Your questions answered
Apart from the fact that breast milk is tailor-made for your baby, free, and always available, it offers protection from:
- infection – breast milk provides natural (germ killing) antibodies that help your baby fight infections like tummy bugs, diarrhoea, colds and chest and ear infections.
- vitamins and nutrition – your breast milk provides the perfect combination of vitamins and nutrition, it’s also much easier to digest than first infant formula.
- SIDS and childhood leukaemia – breastfeeding reduces the risk of sudden infant death syndrome (SIDS), also known as cot death, and childhood leukaemia.
- long-term health – breastfed babies are less likely to develop diabetes, or become overweight when they are older.
Any amount of breastfeeding is beneficial, but exclusively breastfeeding your baby for 6 months offers a lot more protection. There are benefits and advantages for you too – breastfeeding helps:
- your uterus get back down to size – after your baby is born, your uterus (womb) will gradually get smaller day-by-day, but breastfeeding will help speed this up.
- you bond with your baby – breastfeeding is a lovely way to feel close and strengthen the bond between you and your baby.
- protect your health – breastfeeding lowers your risk of breast cancer, ovarian cancer, osteoporosis (weak bones), diabetes and cardiovascular disease (conditions affecting the heart or blood vessels).
- burn off calories – if you are exclusively breastfeeding, this will help burn off about 300 calories a day.
There are many benefits of carrying on breastfeeding after 6 months – your breast milk protects your baby from infections and there’s some evidence it helps them digest solid foods.
Your newborn will want to breastfeed lots throughout the day. It might seem as though you're feeding them all the time, but this is totally normal. As they get better (and more efficient) at feeding, they'll need to do it less often. Let your baby guide you as to how often and how long they should feed.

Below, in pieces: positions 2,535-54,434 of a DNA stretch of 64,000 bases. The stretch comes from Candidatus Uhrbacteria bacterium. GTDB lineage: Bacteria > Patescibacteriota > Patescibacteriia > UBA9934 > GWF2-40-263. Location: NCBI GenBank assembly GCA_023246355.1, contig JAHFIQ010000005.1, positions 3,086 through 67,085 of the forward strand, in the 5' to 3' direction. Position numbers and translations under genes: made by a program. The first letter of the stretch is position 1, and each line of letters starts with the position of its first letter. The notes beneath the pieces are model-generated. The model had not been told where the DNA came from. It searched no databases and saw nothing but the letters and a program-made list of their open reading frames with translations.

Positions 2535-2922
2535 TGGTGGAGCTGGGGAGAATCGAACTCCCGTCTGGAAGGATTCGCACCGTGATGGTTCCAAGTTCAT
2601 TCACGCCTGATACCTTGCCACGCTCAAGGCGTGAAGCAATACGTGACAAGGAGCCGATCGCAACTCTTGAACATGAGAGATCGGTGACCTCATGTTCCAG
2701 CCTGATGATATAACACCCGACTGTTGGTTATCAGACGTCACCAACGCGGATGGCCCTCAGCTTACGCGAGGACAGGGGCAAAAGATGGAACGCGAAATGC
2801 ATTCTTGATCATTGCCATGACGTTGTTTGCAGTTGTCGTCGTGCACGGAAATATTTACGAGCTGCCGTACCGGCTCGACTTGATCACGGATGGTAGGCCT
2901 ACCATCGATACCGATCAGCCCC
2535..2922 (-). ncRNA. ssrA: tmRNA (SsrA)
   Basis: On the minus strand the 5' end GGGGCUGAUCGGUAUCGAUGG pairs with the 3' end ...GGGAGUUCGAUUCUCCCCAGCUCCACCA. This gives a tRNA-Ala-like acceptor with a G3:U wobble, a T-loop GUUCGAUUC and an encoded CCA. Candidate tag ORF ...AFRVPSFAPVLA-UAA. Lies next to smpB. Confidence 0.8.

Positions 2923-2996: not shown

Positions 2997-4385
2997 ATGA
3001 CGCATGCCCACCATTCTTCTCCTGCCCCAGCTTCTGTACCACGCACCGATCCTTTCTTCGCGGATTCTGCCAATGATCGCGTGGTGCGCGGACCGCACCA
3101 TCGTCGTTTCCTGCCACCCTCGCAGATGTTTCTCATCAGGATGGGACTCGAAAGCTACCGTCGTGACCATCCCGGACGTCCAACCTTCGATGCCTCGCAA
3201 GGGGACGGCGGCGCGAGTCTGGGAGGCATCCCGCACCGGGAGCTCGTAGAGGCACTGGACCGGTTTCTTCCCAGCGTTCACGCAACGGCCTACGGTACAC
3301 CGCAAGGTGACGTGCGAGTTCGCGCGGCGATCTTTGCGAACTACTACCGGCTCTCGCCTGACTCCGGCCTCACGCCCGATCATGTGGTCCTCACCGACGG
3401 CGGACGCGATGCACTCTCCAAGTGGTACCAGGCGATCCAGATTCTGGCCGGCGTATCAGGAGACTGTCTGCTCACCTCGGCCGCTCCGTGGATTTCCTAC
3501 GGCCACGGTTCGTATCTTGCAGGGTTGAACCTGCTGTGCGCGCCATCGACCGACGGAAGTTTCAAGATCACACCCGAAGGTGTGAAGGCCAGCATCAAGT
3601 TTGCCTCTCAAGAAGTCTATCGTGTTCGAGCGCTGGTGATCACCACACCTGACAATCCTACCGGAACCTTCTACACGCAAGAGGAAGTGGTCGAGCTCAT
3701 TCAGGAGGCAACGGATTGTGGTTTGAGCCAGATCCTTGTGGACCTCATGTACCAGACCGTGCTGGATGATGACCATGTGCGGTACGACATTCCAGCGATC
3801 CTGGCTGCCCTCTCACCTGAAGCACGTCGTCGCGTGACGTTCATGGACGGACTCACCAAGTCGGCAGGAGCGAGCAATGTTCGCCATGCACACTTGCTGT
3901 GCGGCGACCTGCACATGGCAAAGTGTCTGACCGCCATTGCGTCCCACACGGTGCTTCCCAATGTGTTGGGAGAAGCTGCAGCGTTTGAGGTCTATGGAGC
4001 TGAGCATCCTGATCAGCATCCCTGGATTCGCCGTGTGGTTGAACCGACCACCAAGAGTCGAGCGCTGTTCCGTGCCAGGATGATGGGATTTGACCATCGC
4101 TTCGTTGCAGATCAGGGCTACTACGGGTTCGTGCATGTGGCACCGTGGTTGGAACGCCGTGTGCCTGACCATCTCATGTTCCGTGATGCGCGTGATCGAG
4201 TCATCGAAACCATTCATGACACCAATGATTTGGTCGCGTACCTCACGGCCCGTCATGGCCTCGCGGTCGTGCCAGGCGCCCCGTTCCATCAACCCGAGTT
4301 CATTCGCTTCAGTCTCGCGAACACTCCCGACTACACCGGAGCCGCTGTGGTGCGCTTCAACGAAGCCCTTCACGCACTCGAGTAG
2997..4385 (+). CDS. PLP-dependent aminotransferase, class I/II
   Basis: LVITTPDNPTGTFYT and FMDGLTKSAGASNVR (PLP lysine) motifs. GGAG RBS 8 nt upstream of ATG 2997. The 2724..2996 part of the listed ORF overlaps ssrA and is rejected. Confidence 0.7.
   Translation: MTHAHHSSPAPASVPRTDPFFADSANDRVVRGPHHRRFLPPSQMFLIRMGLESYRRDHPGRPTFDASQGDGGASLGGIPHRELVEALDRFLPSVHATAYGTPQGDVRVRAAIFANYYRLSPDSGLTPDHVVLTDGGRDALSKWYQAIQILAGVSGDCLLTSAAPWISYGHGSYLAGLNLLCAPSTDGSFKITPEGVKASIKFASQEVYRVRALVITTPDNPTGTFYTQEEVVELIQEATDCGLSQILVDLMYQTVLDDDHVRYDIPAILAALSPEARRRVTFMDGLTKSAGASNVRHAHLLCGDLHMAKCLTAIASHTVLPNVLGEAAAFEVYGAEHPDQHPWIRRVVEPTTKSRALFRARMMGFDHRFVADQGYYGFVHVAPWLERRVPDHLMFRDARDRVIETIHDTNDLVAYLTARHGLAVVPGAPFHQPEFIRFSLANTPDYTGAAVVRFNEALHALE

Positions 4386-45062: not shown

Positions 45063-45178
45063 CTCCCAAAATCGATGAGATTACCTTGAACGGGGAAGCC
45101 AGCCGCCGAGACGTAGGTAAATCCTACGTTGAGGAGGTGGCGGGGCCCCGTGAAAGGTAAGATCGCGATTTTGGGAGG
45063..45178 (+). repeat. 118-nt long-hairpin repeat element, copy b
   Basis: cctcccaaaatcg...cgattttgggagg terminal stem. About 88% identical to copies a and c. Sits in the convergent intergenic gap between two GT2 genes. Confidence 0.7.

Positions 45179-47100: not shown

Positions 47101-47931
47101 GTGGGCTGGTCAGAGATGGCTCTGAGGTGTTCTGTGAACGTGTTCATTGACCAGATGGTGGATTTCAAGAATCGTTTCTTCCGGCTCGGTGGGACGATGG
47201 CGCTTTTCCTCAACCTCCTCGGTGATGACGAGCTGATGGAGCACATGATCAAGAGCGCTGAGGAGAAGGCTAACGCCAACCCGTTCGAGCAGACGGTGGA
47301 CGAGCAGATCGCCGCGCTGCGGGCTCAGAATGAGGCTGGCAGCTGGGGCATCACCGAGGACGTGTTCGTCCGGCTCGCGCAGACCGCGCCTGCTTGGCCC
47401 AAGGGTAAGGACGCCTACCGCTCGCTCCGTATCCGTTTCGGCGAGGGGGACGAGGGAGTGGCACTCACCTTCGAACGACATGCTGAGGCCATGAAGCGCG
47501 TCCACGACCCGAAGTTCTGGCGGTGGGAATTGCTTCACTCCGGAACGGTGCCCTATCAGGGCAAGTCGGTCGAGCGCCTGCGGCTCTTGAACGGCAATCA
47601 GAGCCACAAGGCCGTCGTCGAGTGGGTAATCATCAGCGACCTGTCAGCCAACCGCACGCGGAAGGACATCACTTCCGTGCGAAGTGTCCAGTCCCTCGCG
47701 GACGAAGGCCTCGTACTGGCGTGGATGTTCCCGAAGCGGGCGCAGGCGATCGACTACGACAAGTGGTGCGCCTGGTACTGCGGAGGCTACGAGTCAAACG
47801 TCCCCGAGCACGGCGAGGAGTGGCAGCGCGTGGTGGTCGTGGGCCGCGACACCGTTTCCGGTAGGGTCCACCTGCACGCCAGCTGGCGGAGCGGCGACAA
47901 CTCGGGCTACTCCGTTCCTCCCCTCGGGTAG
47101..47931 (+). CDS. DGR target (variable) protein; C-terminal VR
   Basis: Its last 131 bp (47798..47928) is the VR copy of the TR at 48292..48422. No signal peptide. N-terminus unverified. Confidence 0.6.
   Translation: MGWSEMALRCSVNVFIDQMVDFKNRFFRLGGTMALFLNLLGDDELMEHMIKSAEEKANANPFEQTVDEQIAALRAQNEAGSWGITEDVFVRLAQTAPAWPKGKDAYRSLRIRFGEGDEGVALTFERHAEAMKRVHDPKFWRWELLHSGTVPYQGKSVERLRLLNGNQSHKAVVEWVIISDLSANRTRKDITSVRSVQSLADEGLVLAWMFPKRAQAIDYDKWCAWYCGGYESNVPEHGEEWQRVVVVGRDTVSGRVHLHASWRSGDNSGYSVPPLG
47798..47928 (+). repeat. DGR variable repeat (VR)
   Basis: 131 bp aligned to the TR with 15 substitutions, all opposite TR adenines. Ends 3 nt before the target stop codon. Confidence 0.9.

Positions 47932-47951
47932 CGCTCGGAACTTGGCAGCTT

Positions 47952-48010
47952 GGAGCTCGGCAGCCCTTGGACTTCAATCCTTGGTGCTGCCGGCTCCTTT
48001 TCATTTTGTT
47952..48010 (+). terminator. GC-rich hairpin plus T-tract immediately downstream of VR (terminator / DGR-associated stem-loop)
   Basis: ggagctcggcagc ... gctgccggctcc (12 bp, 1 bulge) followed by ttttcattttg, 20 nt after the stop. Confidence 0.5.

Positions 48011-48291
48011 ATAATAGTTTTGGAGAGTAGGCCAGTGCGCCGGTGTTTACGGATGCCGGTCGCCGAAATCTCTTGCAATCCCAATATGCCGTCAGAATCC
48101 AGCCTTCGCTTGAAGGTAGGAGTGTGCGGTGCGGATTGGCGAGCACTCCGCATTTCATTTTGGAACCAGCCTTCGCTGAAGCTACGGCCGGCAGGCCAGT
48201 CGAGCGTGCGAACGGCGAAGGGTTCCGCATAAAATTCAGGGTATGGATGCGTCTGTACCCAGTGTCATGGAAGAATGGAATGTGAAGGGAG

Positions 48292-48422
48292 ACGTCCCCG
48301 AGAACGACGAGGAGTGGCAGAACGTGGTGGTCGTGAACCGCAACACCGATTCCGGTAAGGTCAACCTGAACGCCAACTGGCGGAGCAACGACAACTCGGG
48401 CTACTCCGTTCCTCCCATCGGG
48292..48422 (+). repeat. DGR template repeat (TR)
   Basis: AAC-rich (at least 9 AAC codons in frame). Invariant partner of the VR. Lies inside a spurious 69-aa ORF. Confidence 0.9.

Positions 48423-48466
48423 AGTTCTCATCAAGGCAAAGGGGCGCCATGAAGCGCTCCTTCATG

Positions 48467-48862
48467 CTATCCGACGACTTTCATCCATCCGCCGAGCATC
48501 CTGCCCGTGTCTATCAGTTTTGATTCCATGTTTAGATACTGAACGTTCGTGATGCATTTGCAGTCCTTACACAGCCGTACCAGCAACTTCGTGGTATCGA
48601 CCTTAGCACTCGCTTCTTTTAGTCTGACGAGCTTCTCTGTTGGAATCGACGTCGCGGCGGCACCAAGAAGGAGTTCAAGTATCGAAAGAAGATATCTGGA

Look out for signs and clues that your baby is hungry, including:
- sucking their fists
- licking their lips
- wriggling and opening their mouths, as if they're searching for your breast
Don't worry about feeding your baby too often – it's impossible to breastfeed your baby too much. Newborns tend to breastfeed at least eight times a day (24 hours) for the first few weeks. And your baby may want to feed more and for longer at night – that's because you produce more prolactin (the hormone that produces milk) then.
Tongue-tie (ankyloglossia) happens in 4 to 11% of newborn babies. It means the strip of skin connecting your baby's tongue to the floor of their mouth is slightly shorter than it should be.
For some babies it's not a problem, but for others it can make breastfeeding harder because they can't move their tongue as much as they need to.
Signs of tongue-tie in your baby might include:
- difficulty latching onto your breast and staying there for the full feed
- slow weight gain – your baby should be back to their birth weight within 2 weeks
- being unsettled, appearing hungry lots of the time
- difficulty lifting, moving or sticking out their tongue
- your baby's tongue may look heart-shaped when they stick it out
Tongue-tie can be hard to spot, and lots of the symptoms above may be caused by something else. If you think your baby may have tongue-tie, ask your midwife, health visitor or a breastfeeding specialist for advice.
The best breastfeeding position is the one that works best for you and your baby.